I agree that the end product can only be as good as the weakest link in the chain. I am the first to admit that with my current set-up, the weakest link is on the handle side of the PF. Despite this, I am already happy with my espresso and having fun learning more and improving my skills. The way I justify my potential desire to upgrade:
  • 1) For someone with mediocre skills, a PID would help in achieving correct brew temps more consistently and subsequently help achieve good shots more consistently. I could have gone for a PID Silvia instead of my current Andreja, but at approximately 50% of the coffee we drink being cappas and latte's - I preferred a good HX vs the PID Silvia. With up and coming dual boiler PID'ed machine from Chris, I'd have the best of both worlds - I assume.

    2) While I have no doubt whatsoever that a good barista can prepare significantly better espresso than me with poorer equipment than mine, there still are limitations to what one can produce with lesser machines. Put a mediocre driver (that has at least an idea what he/she is doing) in a Ferrari and Michael Schumacher in a Yugo - who do you think will be faster on the track? I would not call my skills poor anymore (perhaps I amgetting close to being average) and as my skills continue improving over time and practice, that difference would narrow down - especially with a machine that makes it easier for me / is perhaps more forgiving.

    3) A dual boiler machine is easier to descale than a HX. This argument is not based on knowledge or experience but on my current understanding from what I have read.

    4) Rotary pump and plumbing in - I do not have the option of plumbing in my machine, but I hope to in the future. Also, the vibe pump on the Andreja is quite noisy (a common "problem" with vibe pumps) while with a rotary pump the new machine would be quieter and more durable.

    5) Then come the "softer" items. A "wow" factor is not what I am looking for, but it does not hurt either. The Andreja has it in spades so I doubt there would be much improvement in this area. Perceived quality in terms of lower noise and the added convenience (or perception thereof) would be my arguments. I can also admit that knowing that I own a quality piece of equipment adds its own "feelgood factor".
HB wrote:In the next Buyer's Guide, I would like to offer some thoughts on the factors separating commercial equipment and prosumer equipment. I call them the 4 C's: Convenience, Consistency, Capacity, and Continuity. My thinking is that home consumers are hyped into a never ending upgrade cycle because they're convinced it's key to better shots, and yet the limiting factor is "on the handle side of the portafilter." Let's see if Chris agrees in his writeup.
When I think home machines I think prosumer as I do not see myself in a situation where even my Andreja would have the capacity to handle all my (and my guests') needs.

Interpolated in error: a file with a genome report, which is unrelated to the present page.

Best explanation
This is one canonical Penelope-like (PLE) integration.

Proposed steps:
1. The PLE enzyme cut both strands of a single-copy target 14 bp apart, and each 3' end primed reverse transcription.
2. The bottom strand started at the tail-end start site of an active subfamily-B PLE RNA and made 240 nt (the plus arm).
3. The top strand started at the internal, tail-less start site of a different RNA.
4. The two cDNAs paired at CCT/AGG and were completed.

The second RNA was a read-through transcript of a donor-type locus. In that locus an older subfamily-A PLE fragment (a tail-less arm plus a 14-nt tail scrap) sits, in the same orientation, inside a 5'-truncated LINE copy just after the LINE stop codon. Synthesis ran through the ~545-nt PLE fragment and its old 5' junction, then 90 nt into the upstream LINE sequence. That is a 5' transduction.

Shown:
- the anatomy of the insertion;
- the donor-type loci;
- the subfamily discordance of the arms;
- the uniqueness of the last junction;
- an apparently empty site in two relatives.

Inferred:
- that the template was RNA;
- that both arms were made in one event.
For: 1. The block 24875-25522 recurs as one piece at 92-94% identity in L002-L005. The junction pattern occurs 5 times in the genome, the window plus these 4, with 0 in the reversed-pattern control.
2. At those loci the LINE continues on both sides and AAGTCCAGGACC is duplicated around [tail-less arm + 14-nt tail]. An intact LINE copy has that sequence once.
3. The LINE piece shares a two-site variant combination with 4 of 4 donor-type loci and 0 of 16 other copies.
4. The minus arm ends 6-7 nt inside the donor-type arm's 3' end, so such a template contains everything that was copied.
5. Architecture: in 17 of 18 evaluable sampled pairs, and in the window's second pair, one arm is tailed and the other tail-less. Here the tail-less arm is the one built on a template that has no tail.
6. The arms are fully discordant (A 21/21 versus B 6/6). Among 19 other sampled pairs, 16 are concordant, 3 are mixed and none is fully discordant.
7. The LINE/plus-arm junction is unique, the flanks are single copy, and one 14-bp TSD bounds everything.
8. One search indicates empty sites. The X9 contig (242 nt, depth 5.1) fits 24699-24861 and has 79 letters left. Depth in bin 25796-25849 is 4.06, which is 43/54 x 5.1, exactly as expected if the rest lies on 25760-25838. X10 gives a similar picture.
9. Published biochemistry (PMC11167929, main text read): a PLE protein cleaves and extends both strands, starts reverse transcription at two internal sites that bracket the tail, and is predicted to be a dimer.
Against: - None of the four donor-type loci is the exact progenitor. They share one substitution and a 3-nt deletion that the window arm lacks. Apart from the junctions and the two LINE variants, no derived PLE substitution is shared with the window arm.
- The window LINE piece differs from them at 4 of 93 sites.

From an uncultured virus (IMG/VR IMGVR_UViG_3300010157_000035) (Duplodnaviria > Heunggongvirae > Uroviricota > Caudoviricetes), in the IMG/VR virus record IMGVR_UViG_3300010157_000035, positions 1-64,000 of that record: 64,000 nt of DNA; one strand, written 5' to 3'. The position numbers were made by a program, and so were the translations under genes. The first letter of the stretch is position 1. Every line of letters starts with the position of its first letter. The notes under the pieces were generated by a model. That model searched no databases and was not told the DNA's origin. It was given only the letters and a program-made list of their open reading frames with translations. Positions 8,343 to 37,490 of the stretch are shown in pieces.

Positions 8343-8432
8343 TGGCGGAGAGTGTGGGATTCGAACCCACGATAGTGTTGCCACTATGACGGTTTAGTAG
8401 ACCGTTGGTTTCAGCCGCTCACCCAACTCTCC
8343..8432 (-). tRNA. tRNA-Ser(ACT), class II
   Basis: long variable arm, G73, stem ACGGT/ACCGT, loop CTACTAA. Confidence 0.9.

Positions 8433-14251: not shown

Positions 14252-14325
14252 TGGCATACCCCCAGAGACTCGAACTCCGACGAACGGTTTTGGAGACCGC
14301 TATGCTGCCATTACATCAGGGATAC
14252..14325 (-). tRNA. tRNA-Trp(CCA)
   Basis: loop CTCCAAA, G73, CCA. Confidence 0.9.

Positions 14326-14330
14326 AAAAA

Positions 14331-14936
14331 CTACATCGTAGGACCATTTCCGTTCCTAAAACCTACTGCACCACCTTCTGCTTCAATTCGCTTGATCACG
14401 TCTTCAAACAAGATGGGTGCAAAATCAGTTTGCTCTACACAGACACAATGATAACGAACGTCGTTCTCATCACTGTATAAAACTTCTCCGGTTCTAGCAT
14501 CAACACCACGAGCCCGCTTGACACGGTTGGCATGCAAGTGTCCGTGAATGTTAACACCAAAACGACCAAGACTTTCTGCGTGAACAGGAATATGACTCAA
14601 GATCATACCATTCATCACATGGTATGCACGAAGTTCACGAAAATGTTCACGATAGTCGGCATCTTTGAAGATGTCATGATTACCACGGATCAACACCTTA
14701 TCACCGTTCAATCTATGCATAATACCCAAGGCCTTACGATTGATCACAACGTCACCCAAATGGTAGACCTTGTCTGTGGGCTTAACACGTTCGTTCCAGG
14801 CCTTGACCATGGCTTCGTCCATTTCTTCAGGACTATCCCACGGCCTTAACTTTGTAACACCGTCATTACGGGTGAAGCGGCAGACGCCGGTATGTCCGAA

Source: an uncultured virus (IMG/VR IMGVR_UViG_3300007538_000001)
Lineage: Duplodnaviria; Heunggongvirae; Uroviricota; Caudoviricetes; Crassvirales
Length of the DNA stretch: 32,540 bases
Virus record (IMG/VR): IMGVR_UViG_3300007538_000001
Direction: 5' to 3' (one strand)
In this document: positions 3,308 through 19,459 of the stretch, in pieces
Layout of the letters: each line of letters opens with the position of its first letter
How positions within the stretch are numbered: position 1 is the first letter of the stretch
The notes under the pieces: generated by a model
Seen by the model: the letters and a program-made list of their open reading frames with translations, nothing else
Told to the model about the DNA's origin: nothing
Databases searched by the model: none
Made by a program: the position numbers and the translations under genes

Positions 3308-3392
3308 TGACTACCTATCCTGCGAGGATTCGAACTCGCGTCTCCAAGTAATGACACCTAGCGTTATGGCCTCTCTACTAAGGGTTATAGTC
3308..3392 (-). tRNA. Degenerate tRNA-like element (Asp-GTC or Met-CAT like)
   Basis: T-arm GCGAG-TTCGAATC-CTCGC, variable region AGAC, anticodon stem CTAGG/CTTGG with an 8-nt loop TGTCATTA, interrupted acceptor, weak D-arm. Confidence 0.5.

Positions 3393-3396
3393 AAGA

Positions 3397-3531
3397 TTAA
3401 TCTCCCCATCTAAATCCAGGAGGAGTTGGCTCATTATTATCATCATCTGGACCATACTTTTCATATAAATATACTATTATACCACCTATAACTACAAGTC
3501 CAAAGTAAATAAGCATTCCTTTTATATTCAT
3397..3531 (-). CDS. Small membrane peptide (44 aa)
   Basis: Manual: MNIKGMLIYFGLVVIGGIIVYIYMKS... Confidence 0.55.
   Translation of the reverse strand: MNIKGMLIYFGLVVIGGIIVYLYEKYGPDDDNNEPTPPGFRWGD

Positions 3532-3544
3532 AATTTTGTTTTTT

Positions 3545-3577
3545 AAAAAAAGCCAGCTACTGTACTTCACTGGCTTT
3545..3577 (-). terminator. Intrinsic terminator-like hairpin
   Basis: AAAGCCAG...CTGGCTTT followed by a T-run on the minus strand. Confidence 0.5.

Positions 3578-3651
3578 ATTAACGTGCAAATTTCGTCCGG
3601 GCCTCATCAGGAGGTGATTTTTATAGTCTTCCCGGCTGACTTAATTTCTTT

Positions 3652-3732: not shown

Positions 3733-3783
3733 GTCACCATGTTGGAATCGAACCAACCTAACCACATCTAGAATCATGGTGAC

I reiterate that I am very happy with the Andreja but I am tempted by the specs of the new machine. However, it might be my grinder that is the first one I will upgrade. The Rocky Doserless is good and fulfils my current needs. I will have an opportunity to compare it side by side to a friend's doserless Macap M4 soon to see if there is a real difference, or one we can taste, in the shot quality (we will be using the same beans and the same machine). If there is noticeable difference, I would be a Mazzer Mini E - its appears to be universally highly regarded.

So it seems that I may be a victim of the hype and in the beginning of the upgrade cycle...?
HB wrote:PS: I noticed your blog has a "friends of HB" link. Thanks! :D
No problem. I find HB an excellent and very informative site. The articles are great. The forum adds one more dimension to all this...

Br,
Teme

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malachi (original poster)

#19: Post by malachi (original poster) »

Upgrading your grinder makes complete and total sense.
No barista skill is going to overcome poor grind.

Honestly, if I were going to be setting up a home espresso rig and had to cut corners it would be on the machine not the grinder. I'd buy a Super Jolly and then I'd buy whatever machine I could afford with the remaining money.

Now... that being said, I speak from utter ignorance and the next few months of home equipment may well make me reconsider!!
"Taste is the only morality." -- John Ruskin

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NewEnglandCliff

#20: Post by NewEnglandCliff »

HB wrote:
In the next Buyer's Guide, I would like to offer some thoughts on the factors separating commercial equipment and prosumer equipment. I call them the 4 C's: Convenience, Consistency, Capacity, and Continuity.
You could make it 5 C's and add Cash.

Teme,

You could plumb your machine with a Flojet pump or equivalent. And how is it your friend has a doserless M4? Did he modify it himself?
Dolce Vita,

NEC